Tesla said it intends to invest $3.6 billion to expand manufacturing capabilities in Nevada and is confident that growing software-related profits, reflected in record net income reported Wednesday for the fourth quarter of last year, will continue. the highest margins of any other automaker.
The company confirmed that it plans to produce large volumes of semi-trucks and make enough cell batteries for 2 million light-duty vehicles a year in Nevada.
Nevada Governor Joe Lombardo posted a photo on Twitter of himself and CEO Elon Musk Tuesday night after the newly elected Republican announced in his first State of the State address Monday night that Tesla was had committed to a “new” $3.5 billion manufacturing facility for electricity. trucks in northern Nevada.
The project will actually expand an existing operation at the Truckee Reno Industrial Center, about 20 miles (32 kilometers) east of Reno-Sparks along Interstate 80. But the plan takes the company one step closer to achieving previously announced plans to boost Tesla Semi production to build 50,000 trucks in North America by 2024.
The White House issued a statement announcing the plans Tuesday as Musk wrapped up three hours of testimony defending himself in a class action lawsuit in federal court in San Francisco over his Twitter operation, one of the three major corporations he owns, including Tesla and SpaceX. .
Musk’s impulsive and sometimes inflammatory use of Twitter took center stage as proceedings continued Wednesday over the lawsuit alleging he misled Tesla shareholders in 2018 with a tweet about an aborted purchase.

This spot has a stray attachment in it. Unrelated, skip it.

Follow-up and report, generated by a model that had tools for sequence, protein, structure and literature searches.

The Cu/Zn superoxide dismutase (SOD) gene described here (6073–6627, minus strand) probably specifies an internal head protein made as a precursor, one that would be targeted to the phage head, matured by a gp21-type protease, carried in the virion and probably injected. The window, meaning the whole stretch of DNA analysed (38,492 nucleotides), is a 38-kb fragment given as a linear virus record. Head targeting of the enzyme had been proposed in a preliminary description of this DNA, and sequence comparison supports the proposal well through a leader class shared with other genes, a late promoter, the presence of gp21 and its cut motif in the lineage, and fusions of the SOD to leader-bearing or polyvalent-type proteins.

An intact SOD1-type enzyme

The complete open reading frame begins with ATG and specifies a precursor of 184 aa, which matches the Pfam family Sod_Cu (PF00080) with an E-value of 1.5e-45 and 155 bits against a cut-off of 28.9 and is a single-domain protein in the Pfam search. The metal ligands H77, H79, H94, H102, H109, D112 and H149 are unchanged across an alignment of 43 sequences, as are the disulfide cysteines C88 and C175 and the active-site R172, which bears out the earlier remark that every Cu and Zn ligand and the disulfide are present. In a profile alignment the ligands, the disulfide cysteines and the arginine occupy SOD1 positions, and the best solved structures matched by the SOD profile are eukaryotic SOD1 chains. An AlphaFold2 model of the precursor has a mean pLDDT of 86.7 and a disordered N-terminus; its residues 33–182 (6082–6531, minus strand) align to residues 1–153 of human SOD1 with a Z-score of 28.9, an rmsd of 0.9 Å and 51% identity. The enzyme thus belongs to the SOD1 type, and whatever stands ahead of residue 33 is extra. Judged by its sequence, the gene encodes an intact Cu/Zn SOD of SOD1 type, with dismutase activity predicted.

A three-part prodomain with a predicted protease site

Mitch Landrieu, President Joe Biden’s infrastructure chief, said Tuesday that Tesla’s additional investment in Nevada is evidence of a continued “manufacturing boom” since Biden took office two years ago. He said the expansion would create 3,000 jobs in Nevada while promoting clean energy and strengthening America’s security.
Lombardo tweeted a photo Tuesday night of himself with Musk at Tesla’s “Gigafactory” in the industrial park east of Reno-Sparks, where it makes batteries for electric vehicles.
“This is an incredible investment in our state,” Lombardo wrote.
Elizabeth Ray, the governor’s communications director, confirmed the authenticity of the photo and clarified in an email to The Associated Press that the new investment was for an “expansion of existing space” in downtown Truckee-Reno.
Tesla’s statement on its blog site Tuesday night said that since 2014 the company has invested $6.2 billion in Nevada and built the 5.4 million-square-foot “Gigafactory.”
“We will invest more than $3.6 billion more to continue the growth of Gigafactory Nevada, adding 3,000 new team members and two new factories,” the company said, adding that it would include its “first high-volume Semi factory.”
Tesla delivered its first electric semis to a PepsiCo facility in Nevada in December, more than three years after Musk said his company would start building the trucks.
At a November 2017 event introducing the Tesla Semi, Musk said production would begin in 2019 and the trucks could follow autonomously in a convoy. But during Tesla’s third-quarter earnings conference call in October, he said the company’s “Fully Autonomous Driving” system wasn’t ready for driverless operation.
The truck has a range per charge of 500 miles (800 kilometers) when pulling an 82,000-pound (37,000-kilogram) load, Musk said.
The Austin, Texas-based maker of electric vehicles and solar panels said Wednesday that it earned $3.69 billion from October to December, or an adjusted $1.19 per share. That beat estimates of $1.13 that had been lowered by analysts, according to FactSet. The company’s profit was 59% higher than that of the same period of the previous year.
Revenue for the quarter was $24.32 billion, below the $24.67 billion analysts had expected.
Musk said that despite price cuts of up to 20% on some vehicles announced earlier this month, demand for Tesla products is strong and sales are limited by production.
AP auto writer Tom Krisher in Detroit and AP technology writer Michael Liedtke in San Francisco contributed to this report.